What is Fragile X-associated primary ovarian insufficiency (FXPOI)?
FXPOI is the term used to describe a loss of normal function of the ovaries before the age of 40 in women who have a certain type of change called a premutation (pronounced PREE- myoo-TEY-shuhn) in their FMR1 gene located on the X chromosome.
People who have what's called a full mutation in the FMR1 gene (instead of the premutation) are likely to have Fragile X syndrome, the most common inherited form of intellectual and developmental disabilities (IDDs). People with the premutation usually do not have IDDs, but they may have some learning disabilities. Or, they may not have any IDD-related features.1,2
Studies suggest that there may be a wide spectrum of ovarian dysfunction among women who are premutation carriers, with premature ovarian insufficiency being the most extreme.3 Studies have shown that between 12 percent and 28 percent of women who are fragile X premutation carriers have primary ovarian insufficiency.4 Most women with FXPOI have irregular menstrual periods and experience problems with fertility. They may have symptoms that are similar to those of menopause, such as hot flashes, night sweats, and vaginal dryness. Some women with FXPOI go through menopause as early as age 40 or even younger.5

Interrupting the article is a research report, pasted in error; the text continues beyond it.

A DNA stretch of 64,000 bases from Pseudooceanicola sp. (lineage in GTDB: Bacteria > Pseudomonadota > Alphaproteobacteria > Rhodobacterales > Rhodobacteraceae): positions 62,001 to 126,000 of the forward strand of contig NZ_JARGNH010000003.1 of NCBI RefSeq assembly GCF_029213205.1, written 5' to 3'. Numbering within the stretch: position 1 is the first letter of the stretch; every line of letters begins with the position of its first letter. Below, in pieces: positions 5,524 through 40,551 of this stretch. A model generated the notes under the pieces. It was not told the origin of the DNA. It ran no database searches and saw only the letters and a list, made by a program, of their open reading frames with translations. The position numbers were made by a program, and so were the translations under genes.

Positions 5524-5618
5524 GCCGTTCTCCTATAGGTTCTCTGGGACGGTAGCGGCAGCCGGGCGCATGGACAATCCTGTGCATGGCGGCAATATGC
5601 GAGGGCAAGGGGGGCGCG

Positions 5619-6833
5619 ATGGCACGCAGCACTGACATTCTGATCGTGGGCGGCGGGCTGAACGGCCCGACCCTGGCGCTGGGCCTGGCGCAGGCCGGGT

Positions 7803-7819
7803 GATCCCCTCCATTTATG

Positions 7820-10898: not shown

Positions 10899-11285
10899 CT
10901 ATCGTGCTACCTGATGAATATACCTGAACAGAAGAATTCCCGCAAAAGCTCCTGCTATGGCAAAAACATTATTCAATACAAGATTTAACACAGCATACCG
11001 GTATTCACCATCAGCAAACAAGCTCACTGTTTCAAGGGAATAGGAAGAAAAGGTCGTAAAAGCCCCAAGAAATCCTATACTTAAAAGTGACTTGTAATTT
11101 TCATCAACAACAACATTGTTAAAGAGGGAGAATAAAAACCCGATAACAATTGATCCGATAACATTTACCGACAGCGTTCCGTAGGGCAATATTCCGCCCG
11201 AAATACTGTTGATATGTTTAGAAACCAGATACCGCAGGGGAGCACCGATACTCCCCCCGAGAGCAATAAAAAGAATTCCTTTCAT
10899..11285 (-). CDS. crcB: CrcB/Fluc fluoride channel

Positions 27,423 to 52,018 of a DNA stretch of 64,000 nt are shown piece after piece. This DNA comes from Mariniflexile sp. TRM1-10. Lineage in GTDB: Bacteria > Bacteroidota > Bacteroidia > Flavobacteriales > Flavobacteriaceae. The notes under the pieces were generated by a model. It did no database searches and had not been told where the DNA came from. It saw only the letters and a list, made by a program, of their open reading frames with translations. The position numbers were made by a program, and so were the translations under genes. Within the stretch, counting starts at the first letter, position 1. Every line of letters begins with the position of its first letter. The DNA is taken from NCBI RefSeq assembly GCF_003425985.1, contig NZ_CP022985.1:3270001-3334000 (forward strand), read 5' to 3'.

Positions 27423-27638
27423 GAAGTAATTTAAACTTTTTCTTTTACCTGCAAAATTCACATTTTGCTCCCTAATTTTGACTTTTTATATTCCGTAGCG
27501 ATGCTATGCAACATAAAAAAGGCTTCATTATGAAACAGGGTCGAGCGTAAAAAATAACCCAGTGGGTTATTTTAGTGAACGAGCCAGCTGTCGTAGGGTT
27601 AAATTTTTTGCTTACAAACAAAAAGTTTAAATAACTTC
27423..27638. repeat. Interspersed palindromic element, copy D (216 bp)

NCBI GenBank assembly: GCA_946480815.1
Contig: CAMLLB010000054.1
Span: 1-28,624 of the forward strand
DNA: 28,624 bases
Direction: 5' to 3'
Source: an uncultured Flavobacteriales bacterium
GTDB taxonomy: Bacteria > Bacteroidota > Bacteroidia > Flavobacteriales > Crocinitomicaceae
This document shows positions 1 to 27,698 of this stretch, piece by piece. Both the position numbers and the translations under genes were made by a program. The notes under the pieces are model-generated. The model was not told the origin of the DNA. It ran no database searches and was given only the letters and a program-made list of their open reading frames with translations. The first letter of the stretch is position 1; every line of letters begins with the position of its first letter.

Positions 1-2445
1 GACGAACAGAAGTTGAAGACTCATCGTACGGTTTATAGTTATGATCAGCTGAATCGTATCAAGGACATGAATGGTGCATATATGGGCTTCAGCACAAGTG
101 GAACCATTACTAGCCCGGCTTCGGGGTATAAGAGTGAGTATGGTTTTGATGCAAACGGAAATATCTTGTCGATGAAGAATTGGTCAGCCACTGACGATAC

The exact number of people with the FMR1 premutation is not known. And only a portion of women with the premutation will also have FXPOI.
For more information about the genetics of Fragile X-associated disorders, please consult the section explaining how genes cause Fragile X-associated disorders.